Kern: A lot of the fossil fuel assets, like coal-fired power plants, have already been built, and so the question is: Let’s say something cheaper comes along. You still borrowed billions of dollars to pay for this infrastructure that relies on fossil fuels. There’s a cost to switching early and stranding your asset. How big of an issue is that?

Fell: Well, obviously it’s different in different parts of the country because we have different electricity markets and different ways we incentivize building electricity assets. So in the market-based regions, you’re just out of luck. I mean, if you built a gas-powered power plant in Texas, and wind and solar get amazingly cheap (they already are in Texas), you’re just going to get undercut, and you’re out. That’s on you, the investor who put your money in. 

Now, if you’re in North Carolina – Duke Energy controls our electricity sector for the most part – it’s a different story. They’re paid on a rate-of-return basis. So they build capacity, and they get a guaranteed rate of return on investment in those capacities. They have incentives to keep some of that capacity around, to keep some of those gas or coal plants. They also have incentives to build new stuff because they also get rates of return on the new stuff.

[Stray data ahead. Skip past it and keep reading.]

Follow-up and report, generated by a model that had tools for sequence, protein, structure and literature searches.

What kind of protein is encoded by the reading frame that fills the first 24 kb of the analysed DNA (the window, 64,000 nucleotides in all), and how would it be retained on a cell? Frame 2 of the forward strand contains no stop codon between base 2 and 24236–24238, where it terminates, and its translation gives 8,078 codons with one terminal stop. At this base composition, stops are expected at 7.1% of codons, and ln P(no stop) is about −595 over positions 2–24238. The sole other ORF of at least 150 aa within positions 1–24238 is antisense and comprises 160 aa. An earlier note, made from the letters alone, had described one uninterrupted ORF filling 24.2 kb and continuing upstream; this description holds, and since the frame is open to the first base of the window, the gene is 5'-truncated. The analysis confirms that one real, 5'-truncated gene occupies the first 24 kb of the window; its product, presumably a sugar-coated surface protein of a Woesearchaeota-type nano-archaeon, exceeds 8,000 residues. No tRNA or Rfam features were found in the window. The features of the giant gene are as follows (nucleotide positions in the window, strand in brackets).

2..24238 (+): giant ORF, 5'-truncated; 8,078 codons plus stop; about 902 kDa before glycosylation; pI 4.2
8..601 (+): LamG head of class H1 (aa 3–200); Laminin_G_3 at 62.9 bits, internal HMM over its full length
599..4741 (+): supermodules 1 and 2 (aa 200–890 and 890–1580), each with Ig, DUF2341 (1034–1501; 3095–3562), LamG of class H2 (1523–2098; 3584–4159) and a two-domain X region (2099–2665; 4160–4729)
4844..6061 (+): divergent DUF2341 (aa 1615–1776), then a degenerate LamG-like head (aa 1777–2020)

Kern: If the progressive environmental, climate hawk-type argument prevailed, and we sped the transition up rapidly, do you feel like there is any broader systemic, financial or economic risk associated with globally stranding fossil fuel assets? 

The speculation that I’ve read about is that let’s say there’s a group of fossil fuel assets that are out-competed. We decide, through government action, or through the market, that they’re too expensive. So they’re no longer successful, but that happens so quickly, that they’re unable to pay back who they owe money to, and then those people are unable to pay back money to who they owe money to. And that’s a financial crisis, right? The comparison that many make is to the 2008 financial crisis. The response there was ultimately a public bailout of large financial institutions who were deemed to be too big to fail.

So would we bail out fossil fuel companies?

Kern: The implication there is that if the large financial institutions failed, it would cause such a profound negative social impact that it was viewed as a public service to just either lend or give the financial institutions money. 

I guess the question I’m getting at is: Is fixing climate change quickly [by lowering carbon emissions] too much of a self-inflicted wound that people will just decide we can’t move that fast?